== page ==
Learning Go with Kubernetes III – slices and Kubernetes resources

In the last post, we have seen how structures, methods and interfaces in Go are used by the Kubernetes client API to model object oriented behavior. Today, we will continue our walk through to our first example program.

Arrays and slices

Recall that in the last point, we got to the point that we were able to get a list of all nodes in our cluster using

nodeList, err := coreClient.Nodes().List(metav1.ListOptions{})

Let us now try to better understand what nodeList actually is. If we look up the signature of the List method, we find that it is

List(opts metav1.ListOptions) (*v1.NodeList, error)

So we get a pointer to a NodeList. This in turns has a field Items which is defined as

Items []Node

We can access the field Items using either an explicit dereferencing of the pointer as items := (*nodeList).Items or the shorthand notation items := nodeList.Items.

Now looking at the definition above, it seems that Items is some sort of array whose elements are of type Node, but which does not have a fixed length. So time to learn more about arrays in Go

At the first glance, arrays in Go are very much like in many other languages. A declaration like

var a [5]int

declares an array called a of five integers. Arrays, like in C, cannot be resized. Other than in C, however, an assignment of arrays does not create two pointers that point to the same location in memory, but creates a copy. Thus if you do something like

b := a

you create a second array b which initially is identical to a, but if you modify b, a remains unchanged. This is especially important when you pass arrays to functions – you will pass a copy, and especially for large arrays, this is probably not what you want.

So why not passing pointers to arrays? Well, there is a little problem with that approach. In Go, the length of an array is part of an arrays type, so [5]int and [6]int are different types, which makes it difficult to write functions that accept an array of arbitrary length. For that purpose, Go offers slices which are essentially pointers to arrays.

Arrays are created either by declaring them or by using the new keyword. Slices are created either by slicing an existing array or by using the make keyword. As in Python, slices can refer to a part of an array and we can take slices of an existing slice. When slices are assigned, they refer to the same underlying array, and if a slice is passed as a parameter, no copy of the underlying array is created. So slices are effectively pointers to parts of arrays (with a bit more features, for instance the possibility to extend them by appending data).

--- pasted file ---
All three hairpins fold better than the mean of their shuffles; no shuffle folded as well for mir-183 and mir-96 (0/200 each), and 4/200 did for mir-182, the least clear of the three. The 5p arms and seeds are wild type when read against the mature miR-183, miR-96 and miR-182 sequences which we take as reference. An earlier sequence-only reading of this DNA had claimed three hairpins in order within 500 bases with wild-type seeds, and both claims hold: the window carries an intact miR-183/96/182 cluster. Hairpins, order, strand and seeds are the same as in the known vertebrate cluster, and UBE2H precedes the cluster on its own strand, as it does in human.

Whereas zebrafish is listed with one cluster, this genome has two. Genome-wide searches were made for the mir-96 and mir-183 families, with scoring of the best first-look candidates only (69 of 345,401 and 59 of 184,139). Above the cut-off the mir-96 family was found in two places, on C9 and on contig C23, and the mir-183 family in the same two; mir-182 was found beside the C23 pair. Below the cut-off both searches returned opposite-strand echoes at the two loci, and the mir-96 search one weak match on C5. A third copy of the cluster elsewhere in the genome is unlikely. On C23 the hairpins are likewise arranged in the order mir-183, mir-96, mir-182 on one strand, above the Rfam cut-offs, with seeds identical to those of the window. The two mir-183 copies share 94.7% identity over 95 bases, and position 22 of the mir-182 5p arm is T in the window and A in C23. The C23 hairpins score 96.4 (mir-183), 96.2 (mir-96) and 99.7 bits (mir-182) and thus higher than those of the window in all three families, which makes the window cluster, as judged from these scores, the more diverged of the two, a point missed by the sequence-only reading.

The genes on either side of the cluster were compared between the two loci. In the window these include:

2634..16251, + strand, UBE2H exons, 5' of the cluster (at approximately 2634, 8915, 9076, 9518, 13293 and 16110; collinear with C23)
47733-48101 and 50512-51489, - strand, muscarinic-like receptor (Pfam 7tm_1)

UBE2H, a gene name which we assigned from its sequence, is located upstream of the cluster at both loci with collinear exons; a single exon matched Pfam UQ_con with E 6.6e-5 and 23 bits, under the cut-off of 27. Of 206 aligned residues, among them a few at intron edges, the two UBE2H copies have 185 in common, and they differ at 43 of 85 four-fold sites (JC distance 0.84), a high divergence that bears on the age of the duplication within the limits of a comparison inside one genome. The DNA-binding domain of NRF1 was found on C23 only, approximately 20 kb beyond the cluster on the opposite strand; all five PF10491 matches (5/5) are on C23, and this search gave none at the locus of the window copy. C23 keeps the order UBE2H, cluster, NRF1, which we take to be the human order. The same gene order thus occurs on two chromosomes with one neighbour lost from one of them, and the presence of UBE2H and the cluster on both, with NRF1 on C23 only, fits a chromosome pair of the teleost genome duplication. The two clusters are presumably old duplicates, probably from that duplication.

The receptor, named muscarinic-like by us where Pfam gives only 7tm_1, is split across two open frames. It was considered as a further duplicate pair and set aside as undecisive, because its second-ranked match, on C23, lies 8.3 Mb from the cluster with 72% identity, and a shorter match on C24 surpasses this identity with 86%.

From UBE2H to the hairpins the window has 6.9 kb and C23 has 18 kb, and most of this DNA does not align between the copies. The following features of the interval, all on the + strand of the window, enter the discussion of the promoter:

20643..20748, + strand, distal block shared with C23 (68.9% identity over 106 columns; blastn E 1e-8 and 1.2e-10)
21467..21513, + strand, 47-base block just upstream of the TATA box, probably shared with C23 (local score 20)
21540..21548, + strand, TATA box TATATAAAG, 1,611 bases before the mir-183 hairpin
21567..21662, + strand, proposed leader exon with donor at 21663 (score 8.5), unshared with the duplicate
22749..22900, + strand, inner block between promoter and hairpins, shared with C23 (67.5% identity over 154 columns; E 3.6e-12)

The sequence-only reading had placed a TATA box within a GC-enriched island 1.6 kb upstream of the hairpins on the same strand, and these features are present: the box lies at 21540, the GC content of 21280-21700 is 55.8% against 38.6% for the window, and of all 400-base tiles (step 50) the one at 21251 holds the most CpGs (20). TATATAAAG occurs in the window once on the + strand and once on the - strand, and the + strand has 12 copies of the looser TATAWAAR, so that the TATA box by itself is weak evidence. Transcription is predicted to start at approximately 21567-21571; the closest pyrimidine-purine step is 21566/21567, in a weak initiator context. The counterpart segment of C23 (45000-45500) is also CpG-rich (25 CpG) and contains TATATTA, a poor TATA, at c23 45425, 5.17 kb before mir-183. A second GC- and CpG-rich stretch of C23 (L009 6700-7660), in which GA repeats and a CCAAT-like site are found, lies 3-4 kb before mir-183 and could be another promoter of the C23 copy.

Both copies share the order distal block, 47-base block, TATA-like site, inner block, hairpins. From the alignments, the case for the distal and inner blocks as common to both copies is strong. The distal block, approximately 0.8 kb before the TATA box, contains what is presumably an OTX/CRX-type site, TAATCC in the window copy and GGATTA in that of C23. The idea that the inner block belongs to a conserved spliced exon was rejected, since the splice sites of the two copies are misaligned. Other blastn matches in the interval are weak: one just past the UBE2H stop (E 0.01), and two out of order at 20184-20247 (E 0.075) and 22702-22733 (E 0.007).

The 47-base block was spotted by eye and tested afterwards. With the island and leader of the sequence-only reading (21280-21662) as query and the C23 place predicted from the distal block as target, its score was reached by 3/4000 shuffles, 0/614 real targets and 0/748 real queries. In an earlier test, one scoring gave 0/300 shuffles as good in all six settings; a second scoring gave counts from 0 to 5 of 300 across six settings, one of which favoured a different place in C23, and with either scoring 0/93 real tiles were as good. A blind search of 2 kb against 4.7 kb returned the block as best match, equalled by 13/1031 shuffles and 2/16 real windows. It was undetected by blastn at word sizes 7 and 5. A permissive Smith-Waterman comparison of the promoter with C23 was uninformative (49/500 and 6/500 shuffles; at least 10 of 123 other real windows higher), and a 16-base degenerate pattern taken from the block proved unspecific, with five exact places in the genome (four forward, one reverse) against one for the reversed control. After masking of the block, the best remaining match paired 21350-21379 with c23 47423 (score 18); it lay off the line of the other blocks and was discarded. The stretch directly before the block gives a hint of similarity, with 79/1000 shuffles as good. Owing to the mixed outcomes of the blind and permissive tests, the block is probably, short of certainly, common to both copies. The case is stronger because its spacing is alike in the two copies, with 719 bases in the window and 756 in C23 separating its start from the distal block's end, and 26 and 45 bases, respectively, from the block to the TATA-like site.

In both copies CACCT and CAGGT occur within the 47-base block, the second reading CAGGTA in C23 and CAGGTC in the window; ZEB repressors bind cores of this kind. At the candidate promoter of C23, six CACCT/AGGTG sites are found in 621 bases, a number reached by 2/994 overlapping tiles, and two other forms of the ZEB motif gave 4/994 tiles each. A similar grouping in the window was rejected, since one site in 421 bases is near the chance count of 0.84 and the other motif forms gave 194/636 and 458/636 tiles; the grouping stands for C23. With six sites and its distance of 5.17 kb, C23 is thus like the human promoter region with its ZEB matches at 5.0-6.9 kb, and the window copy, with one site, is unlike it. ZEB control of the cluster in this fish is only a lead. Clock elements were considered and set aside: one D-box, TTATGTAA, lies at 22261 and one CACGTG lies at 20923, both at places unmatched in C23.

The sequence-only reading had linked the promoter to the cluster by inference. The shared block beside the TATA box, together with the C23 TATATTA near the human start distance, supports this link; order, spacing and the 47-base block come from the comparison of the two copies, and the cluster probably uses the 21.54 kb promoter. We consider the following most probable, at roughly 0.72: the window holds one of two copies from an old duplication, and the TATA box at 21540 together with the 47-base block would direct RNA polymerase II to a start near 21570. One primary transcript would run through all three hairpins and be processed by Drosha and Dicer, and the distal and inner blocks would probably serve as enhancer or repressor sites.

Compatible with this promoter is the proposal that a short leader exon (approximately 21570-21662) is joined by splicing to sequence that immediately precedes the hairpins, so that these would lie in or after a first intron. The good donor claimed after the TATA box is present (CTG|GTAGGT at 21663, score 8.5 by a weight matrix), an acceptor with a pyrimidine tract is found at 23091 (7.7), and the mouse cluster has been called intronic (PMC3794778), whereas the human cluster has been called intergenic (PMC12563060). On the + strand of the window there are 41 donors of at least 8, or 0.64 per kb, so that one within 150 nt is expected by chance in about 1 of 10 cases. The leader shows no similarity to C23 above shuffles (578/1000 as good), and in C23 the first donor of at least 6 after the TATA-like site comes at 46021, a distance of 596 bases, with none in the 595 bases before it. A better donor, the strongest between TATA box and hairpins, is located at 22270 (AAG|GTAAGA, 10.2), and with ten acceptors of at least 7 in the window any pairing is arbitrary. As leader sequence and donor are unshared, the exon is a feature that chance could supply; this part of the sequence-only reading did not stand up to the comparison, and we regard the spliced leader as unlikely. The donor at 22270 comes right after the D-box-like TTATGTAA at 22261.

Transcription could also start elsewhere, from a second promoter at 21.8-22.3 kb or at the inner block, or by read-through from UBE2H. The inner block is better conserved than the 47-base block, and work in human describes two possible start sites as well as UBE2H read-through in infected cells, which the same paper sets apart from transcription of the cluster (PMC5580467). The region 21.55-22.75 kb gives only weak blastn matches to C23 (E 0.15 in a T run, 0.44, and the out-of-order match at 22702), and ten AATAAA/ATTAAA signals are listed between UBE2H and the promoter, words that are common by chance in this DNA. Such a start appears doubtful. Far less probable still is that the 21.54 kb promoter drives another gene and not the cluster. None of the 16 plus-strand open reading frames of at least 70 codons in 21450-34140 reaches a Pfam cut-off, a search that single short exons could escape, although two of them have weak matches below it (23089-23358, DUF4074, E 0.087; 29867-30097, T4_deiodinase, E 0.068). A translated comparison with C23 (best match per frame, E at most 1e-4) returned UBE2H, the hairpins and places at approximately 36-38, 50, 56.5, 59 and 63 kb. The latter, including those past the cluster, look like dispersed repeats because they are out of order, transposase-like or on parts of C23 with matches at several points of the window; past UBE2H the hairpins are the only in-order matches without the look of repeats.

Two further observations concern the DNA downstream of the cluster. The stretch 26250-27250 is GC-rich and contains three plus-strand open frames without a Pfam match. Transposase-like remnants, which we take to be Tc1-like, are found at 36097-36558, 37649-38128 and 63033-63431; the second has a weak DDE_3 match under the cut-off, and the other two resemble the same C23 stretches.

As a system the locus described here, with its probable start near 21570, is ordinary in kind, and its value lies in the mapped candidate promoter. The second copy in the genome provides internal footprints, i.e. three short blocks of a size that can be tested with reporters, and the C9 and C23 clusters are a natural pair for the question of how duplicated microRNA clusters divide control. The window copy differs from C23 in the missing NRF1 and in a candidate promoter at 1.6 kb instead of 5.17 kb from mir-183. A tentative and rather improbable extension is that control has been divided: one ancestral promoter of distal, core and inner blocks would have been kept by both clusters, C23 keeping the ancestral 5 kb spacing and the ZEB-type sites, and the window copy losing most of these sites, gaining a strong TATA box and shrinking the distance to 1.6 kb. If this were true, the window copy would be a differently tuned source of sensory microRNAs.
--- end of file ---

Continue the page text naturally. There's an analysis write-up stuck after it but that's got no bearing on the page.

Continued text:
How do you loop over a slice? For an array, you know its length and can build an ordinary loop. For a slice, you have two options. First, you can use the built-in function len to get the length of a slice and use that to construct a loop. Or you can use the for statement with range clause which also works for other data structures like strings, maps and channels. So we can iterate over the nodes in the list and print some basic information on them as follows.

items := nodeList.Items
for _, item := range items {
	fmt.Printf("%-20s  %-10s %s\n", item.Name,

Standard types in the Kubernetes API

The elements of the list we are cycling through above are instances of the struct Node, which is declared in the file k8s.io/api/core/v1/types.go. It is instructive to look at this definition for a moment.

type Node struct {
	metav1.TypeMeta `json:",inline"`
	metav1.ObjectMeta `json:"metadata,omitempty" protobuf:"bytes,1,opt,name=metadata"`
	Spec NodeSpec `json:"spec,omitempty" protobuf:"bytes,2,opt,name=spec"`
	Status NodeStatus `json:"status,omitempty" protobuf:"bytes,3,opt,name=status"`

First, we see that the first and second line are examples of embedded fields. It is worth noting that we can address these fields in two different ways. The second field, for instance, is ObjectMeta which has itself a field Name. To access this field when node is of type Node, we could either write node.ObjectMeta.Name or node.Name. This mechanism is called field promotion.

The second thing that is interesting in this definition are the strings like ‘json:”inline”‘ added after some field names. These string literals are called tags. They are mostly ignored, but can be inspected using the reflection API of Go and are, for instance, used by the json marshaller and unmarshaller.